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Professor participates in international panel on children’s health

Jerome Nriagu, a professor of environmental health sciences, has spent his career discovering the toxins that plague children. This summer, he had the chance to discuss them in front of an international audience at the United Nations Earth Summit on Sustainable Development.

The summit, which convened in Johannesburg, South Africa, in late August, addressed issues related to children’s health and sanitation in developing countries. Nearly 60,000 participants from the scientific and political communities were invited to discuss solutions to these pervasive problems. The World Health Organization (WHO) invited Nriagu to address scientific factors pertaining to the environment and childhood disease burdens, especially in developing countries.

As a leading researcher on toxic metals in the environment and their effects on children, Nriagu was delighted to be part of the summit. His own fieldwork in South Africa, Nigeria and Jamaica prepared him to contribute to panel discussions on health and sustainable development.

“I have a lot of experience dealing with environmental risk factors,” Nriagu says. “I’m interested in what conditions predispose children to environmental risks, as well as why and how children in developing countries respond differently to these risk factors.”

Though scientists like Nriagu have completed their part in the summit, the negotiators still are working towards finalizing the resolutions to the United Nations. Dr. Gro Harlem Brundtland, director-general of the WHO, hopes to garner support for the Healthy Environments for Children Initiative. The initiative, according to a WHO press release, is designed to foster cooperation among nations and construct a network of teachers, health professionals and non-governmental organizations. Brundtland anticipates that with the program, the nearly 13,000 child deaths that occur every day can be reduced.

Nriagu, for one, believes in the summit’s mission. He agrees that swift action must be taken because children are more susceptible to diseases than adults. Nriagu highlights basic human biology as a starting point. For example, a child’s intake of food, air and water is proportionally greater to his or her weight than an adult’s intake. Children’s central nervous, immune, reproductive and digestive systems still are developing, and exposure to environmental toxins can lead to irreversible damage.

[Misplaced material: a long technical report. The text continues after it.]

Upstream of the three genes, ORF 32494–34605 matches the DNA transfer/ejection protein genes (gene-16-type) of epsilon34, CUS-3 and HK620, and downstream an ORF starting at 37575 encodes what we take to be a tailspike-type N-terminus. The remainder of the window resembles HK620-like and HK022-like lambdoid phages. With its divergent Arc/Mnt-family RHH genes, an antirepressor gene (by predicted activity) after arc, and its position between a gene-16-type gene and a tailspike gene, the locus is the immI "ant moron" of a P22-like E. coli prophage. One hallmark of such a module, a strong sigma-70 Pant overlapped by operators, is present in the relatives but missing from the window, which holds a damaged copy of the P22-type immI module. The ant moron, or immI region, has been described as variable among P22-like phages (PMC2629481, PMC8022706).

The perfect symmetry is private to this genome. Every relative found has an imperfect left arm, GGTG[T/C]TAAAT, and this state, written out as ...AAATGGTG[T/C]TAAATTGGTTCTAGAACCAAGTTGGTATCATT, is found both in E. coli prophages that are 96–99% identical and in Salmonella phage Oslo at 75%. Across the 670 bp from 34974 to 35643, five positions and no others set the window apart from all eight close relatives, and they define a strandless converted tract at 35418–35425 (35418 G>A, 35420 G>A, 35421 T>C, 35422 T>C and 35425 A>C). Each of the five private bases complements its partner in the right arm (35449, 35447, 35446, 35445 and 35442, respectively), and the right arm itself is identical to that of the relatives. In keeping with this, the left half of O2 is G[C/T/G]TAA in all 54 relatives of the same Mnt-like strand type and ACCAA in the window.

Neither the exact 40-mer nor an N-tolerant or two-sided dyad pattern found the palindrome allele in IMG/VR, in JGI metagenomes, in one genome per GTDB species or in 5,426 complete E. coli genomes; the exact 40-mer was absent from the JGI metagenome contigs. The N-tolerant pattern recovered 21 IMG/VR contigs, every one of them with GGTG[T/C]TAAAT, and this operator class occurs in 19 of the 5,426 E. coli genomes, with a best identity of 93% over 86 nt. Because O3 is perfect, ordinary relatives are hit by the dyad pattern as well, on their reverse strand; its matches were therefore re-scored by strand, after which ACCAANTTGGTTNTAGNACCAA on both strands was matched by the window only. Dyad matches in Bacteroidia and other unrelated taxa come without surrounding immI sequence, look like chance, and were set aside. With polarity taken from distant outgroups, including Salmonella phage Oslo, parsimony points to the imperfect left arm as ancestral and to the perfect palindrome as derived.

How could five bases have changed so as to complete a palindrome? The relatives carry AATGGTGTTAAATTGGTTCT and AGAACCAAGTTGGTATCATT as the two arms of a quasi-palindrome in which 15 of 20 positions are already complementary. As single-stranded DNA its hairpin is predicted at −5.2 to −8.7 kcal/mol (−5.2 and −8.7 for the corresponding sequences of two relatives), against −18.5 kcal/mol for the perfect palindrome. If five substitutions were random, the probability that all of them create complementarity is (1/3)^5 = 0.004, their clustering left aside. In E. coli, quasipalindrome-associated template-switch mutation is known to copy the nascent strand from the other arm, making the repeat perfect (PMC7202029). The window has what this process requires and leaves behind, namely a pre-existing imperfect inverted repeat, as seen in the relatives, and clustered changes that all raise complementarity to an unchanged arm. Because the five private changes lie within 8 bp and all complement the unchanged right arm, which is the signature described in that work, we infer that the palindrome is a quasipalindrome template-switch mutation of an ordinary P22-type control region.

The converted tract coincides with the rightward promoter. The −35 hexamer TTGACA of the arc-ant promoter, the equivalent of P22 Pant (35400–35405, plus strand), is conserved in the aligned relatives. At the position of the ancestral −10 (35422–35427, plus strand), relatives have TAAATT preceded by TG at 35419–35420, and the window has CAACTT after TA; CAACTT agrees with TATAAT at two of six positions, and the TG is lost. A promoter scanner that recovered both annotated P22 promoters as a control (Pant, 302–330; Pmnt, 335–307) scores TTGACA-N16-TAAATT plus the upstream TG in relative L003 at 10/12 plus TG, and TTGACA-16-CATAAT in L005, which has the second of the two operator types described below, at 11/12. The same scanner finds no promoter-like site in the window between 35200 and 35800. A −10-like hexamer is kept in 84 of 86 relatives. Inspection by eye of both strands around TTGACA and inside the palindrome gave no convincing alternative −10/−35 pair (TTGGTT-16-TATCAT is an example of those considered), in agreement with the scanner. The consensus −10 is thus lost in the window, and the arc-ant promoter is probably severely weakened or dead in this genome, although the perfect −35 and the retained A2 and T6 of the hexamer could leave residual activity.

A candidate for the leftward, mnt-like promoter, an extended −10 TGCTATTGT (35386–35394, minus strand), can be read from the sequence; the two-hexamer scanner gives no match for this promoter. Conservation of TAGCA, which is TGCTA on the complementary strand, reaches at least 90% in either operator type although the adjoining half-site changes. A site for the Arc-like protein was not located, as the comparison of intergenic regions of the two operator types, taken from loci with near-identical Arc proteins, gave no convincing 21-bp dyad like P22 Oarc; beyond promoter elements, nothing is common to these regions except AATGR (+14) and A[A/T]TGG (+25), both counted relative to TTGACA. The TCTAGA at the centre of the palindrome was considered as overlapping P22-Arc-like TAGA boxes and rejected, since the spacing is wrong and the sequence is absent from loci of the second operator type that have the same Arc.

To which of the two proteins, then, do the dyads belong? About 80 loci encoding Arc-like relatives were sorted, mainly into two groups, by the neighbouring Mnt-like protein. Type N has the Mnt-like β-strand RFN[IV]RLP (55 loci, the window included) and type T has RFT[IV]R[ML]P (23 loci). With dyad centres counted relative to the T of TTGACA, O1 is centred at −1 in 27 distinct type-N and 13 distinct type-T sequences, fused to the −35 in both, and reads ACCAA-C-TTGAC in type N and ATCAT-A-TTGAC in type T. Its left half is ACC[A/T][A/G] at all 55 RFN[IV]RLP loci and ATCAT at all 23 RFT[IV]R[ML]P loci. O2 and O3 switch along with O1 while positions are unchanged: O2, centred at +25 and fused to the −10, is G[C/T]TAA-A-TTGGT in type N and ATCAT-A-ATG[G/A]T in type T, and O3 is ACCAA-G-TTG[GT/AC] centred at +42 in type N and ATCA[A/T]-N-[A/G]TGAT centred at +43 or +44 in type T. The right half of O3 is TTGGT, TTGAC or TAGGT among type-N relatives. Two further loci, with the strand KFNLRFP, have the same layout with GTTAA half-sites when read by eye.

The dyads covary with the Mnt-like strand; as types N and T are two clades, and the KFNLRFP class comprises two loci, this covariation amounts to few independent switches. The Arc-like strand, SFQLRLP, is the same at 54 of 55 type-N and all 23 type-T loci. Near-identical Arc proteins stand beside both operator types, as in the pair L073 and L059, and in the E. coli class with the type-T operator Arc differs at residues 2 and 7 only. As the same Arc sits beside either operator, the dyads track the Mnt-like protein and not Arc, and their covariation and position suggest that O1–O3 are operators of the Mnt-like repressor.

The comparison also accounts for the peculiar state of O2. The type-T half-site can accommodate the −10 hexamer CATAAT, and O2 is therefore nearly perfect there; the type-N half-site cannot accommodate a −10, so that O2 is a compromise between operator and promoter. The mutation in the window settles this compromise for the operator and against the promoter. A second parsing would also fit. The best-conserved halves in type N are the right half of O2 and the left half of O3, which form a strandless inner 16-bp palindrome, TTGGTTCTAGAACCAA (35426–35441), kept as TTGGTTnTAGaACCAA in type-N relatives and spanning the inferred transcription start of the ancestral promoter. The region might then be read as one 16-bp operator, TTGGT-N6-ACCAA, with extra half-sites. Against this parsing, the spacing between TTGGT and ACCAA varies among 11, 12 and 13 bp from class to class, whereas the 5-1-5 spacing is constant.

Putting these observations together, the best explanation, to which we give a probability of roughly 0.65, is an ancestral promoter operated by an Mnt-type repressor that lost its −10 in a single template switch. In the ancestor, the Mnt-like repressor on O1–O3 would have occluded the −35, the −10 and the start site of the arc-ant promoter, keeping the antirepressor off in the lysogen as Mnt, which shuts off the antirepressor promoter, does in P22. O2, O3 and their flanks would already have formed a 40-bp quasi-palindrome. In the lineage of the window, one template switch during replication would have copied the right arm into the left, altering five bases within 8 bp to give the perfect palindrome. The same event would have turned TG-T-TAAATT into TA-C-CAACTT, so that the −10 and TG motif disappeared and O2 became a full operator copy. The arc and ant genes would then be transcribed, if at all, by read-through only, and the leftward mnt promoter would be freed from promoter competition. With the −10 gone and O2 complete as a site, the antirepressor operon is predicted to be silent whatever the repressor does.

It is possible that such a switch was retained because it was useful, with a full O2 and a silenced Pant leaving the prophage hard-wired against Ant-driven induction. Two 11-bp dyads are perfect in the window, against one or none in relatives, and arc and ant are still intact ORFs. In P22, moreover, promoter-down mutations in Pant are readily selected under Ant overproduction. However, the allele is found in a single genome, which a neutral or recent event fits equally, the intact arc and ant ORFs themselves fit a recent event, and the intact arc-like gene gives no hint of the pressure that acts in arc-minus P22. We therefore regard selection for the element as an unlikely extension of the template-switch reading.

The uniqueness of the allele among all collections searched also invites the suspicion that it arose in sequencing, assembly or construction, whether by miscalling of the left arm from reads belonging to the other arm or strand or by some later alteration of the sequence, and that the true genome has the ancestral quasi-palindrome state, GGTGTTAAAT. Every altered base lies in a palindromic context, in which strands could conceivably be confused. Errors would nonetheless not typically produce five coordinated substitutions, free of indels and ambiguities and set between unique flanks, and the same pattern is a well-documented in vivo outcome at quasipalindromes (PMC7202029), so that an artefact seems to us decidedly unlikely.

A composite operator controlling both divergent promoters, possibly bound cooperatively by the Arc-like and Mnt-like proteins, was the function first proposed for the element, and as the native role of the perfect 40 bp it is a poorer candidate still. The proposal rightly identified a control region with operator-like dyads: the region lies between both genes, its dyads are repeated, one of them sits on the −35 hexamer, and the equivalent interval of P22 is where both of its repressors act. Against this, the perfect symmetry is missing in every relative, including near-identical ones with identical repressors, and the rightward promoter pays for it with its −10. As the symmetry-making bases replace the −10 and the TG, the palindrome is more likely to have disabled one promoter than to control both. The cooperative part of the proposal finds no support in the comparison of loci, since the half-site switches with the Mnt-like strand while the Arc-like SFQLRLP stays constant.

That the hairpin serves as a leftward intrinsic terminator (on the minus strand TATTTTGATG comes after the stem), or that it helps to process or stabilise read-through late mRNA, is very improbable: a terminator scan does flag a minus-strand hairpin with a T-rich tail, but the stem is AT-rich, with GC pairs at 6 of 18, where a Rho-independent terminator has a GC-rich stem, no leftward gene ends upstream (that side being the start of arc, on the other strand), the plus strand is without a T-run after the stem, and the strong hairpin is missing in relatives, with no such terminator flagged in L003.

Children, especially infants, are more likely to be exposed to toxins such as lead, pesticides and pathogens because they behave differently and have different patterns of exposure than adults, Nriagu says. In particular, they like to explore with their mouths.

“An infant crawls on the floor, and that’s where they pick up the lead,” Nriagu says. “You can spray pesticides to control roaches, but most of them end up on the carpet and couch cushions—places where children play.”

Nriagu is most concerned with the fact that these toxins specifically target a child’s growing cells. Environmental pollution is a global problem that can affect the health of children disproportionately, he says.

Nriagu believes that the participation of a child on the panel was a wake-up call for the scientific community. “It’s their world, so it was good to know how he [the child] felt about it,” he says.

Nriagu views the summit as an opportunity to address the needs of the world’s poorest nations in a sustainable and environmentally friendly way.

“It was a unique experience. I’ve never done anything like it before,” he says. “I was very happy to see the World Health Organization actually take the position that protecting children from environment-related illnesses is a critical element of sustainable development.”

 


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